I came across this sentence:

Er ist mein zu Hause geworden.

First off, what does the preposition zu add to the meaning of the verb werden?

Secondly, Why is mein left by itself here? Can it be replaced by mir and still convey the same meaning?

  • 3
    This "zu" shouldn't be a preposition, but is probably part of the word "zuhause" which means home. It sholdn't be written apart. I'm not sure what the pronomen "er" is referring to, but I'm sure there are maskuline words for places to live. Otherwise I'd use the neuter "es". You could also write "Es ist mir ein zuhause geworden" as you suggest. In the first case it translates to: "It has become my home" and in the other case " It has become a home for me" – Beta Aug 5 '16 at 4:14
  • 2
    Would have been a lot clearer to you probably if it had been written correctly as "mein Zuhause". German makes it obvious which words are nouns, but only if you get it right! Other than that I'd only add to Beta's answer that "er" might metaphorically refer to a person. He became my reference point, my comforter etc. Though of course inanimate masculine objects can also be "er" in German. – see sharper Aug 5 '16 at 6:17
  • @Beta: "but is probably part of the word 'zuhause' which means home. It sholdn't be written apart." - You mean Zuhause, which means home. zu Hause (which means at home) should be written apart, cf. Duden: "Von Duden empfohlene Schreibung: zu Hause" – O. R. Mapper Aug 7 '16 at 11:39

You probably have a typo or grammatical error in that sentence. I'd assume it meant to read

Er ist mein Zuhause geworden.

which would translate as something like

He became my home.

"Zuhause" is a "Zusammenrückung" (compound or composition) of "zu Hause". An English example of the same principle would be something like "bystander" (from "someone who stands by") or "onlooker". As those, "Zuhause" is a noun. You can think of it as a short form of "wo ich zu Hause bin" ("where I am at home"), which is my "Zuhause" (my "home").

Regarding your second question, "mein" could be replaced by "mir". That would be a different grammatical construction. "mein" denotes a genetive, as in "my home". With "mir", the sentence would rather read

Er ist mir ein Zuhause geworden.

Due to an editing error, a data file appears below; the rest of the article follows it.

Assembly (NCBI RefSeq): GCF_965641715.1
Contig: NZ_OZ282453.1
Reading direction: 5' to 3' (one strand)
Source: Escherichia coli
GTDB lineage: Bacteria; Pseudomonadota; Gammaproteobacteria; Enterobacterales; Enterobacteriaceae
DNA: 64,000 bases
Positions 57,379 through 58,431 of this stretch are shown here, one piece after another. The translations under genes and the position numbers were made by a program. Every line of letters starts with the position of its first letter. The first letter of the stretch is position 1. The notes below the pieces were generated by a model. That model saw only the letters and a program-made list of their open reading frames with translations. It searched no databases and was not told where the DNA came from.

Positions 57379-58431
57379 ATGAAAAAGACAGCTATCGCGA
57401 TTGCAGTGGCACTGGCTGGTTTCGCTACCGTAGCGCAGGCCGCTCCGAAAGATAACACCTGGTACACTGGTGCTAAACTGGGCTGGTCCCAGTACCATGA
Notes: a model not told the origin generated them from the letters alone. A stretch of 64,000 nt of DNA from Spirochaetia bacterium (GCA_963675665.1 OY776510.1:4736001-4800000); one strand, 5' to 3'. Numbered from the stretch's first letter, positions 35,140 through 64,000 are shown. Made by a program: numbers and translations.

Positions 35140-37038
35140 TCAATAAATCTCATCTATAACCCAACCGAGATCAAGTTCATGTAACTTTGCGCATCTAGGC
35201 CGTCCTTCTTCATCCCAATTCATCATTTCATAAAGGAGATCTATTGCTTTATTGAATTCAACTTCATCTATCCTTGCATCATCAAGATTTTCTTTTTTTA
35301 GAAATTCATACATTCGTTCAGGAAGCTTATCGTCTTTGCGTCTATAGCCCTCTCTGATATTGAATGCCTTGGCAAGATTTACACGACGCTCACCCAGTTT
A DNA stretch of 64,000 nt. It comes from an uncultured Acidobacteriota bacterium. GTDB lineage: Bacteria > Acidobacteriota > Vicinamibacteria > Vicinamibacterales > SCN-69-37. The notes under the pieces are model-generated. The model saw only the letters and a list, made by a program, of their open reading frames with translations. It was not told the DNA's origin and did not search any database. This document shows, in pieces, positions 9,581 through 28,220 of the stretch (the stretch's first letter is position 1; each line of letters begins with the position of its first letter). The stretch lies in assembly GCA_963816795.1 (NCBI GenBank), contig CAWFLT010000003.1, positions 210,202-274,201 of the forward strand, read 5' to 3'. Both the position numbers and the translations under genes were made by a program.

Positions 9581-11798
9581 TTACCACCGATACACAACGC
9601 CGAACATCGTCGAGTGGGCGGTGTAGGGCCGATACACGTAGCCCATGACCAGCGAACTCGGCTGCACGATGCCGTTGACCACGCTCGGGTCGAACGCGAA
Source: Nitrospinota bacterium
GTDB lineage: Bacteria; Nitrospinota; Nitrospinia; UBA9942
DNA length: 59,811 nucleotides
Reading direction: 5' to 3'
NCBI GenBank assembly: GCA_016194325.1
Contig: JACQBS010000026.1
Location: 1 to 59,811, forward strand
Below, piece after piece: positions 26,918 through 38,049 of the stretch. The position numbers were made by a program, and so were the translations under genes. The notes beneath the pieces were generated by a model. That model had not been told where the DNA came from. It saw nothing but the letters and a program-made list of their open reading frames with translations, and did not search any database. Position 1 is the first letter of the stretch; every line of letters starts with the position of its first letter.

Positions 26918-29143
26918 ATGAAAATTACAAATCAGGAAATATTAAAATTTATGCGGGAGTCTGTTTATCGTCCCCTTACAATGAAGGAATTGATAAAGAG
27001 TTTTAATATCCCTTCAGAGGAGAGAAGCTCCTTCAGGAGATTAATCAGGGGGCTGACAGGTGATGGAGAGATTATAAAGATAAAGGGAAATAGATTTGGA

and translate as

He became a home to me.

Grammatically, the genetive is replaced by a dative. And as far as the meaning is concerned, I'd say it's somewhat weaker. "Er ist mein Zuhause geworden" has a connotation of "He became my one and only home", while "Er ist mir ein Zuhause geworden" means more something like "he's a valued home right now, but not necessarily the only one, and it can change down the line".

(h/t to @Beta and @see-sharper who mentioned some of this already in the comments to your question)

| improve this answer | |

The fixed adverbial phrase "zu Hause" (at home) is in the classic spelling version of what can also be written as a one-word adverb 'zuhause' (per orthographic reform of 2006, but who does that, anyway…). The noun version would be '(das) Zuhause', meaning: the place one is/feels at home.

Er ist mein "zu Hause" geworden.


He / It has become my (being at) home.

(It's "he", if the pronoun stands for a male person, but "it", if "er" stands for a masculine noun.)

While it technically should be the noun 'Zuhause', the author may have chosen to write "zu Hause" deliberately (it's allowed for 'zu Hause') to emphasise it as a key phrase, so as to express the quality of being at home (that is: having found a place to really call 'my home') as an important emotional state.

Sentence structure:

 ┏━━SUBJECT━━┓ ┏━━AUXILIARY━━┓ ┏━━━━━━━OBJECT━━━━━━━┓ ┏━━━MAIN VERB━━━━┓
      Er          ist            mein Zuhause           geworden.
    masculine     present tense           Prädikativ            past participle

The sentence is in the present perfect tense (Perfekt): "ist" = auxiliary verb 'sein' (to be) in the singular 3rd person, present tense + "geworden" = past participle (2. Partizip / Partizip Perfekt) of 'werden' (to become).

About the case of the object: The phrase »mein "zu Hause" / Zuhause« is in the nominative case – this is called Gleichsetzungsnominativ or prädikativer Nominativ – the nominative of equation or the predicate nominative: An object of one of the copular verbs (Kopularverben) sein, werden, bleiben is equated with the subject (Er), and that puts the object phrase in the nominative case (Er ist wer oder was geworden? Mein "zu Hause".)

| improve this answer | |

Not the answer you're looking for? Browse other questions tagged or ask your own question.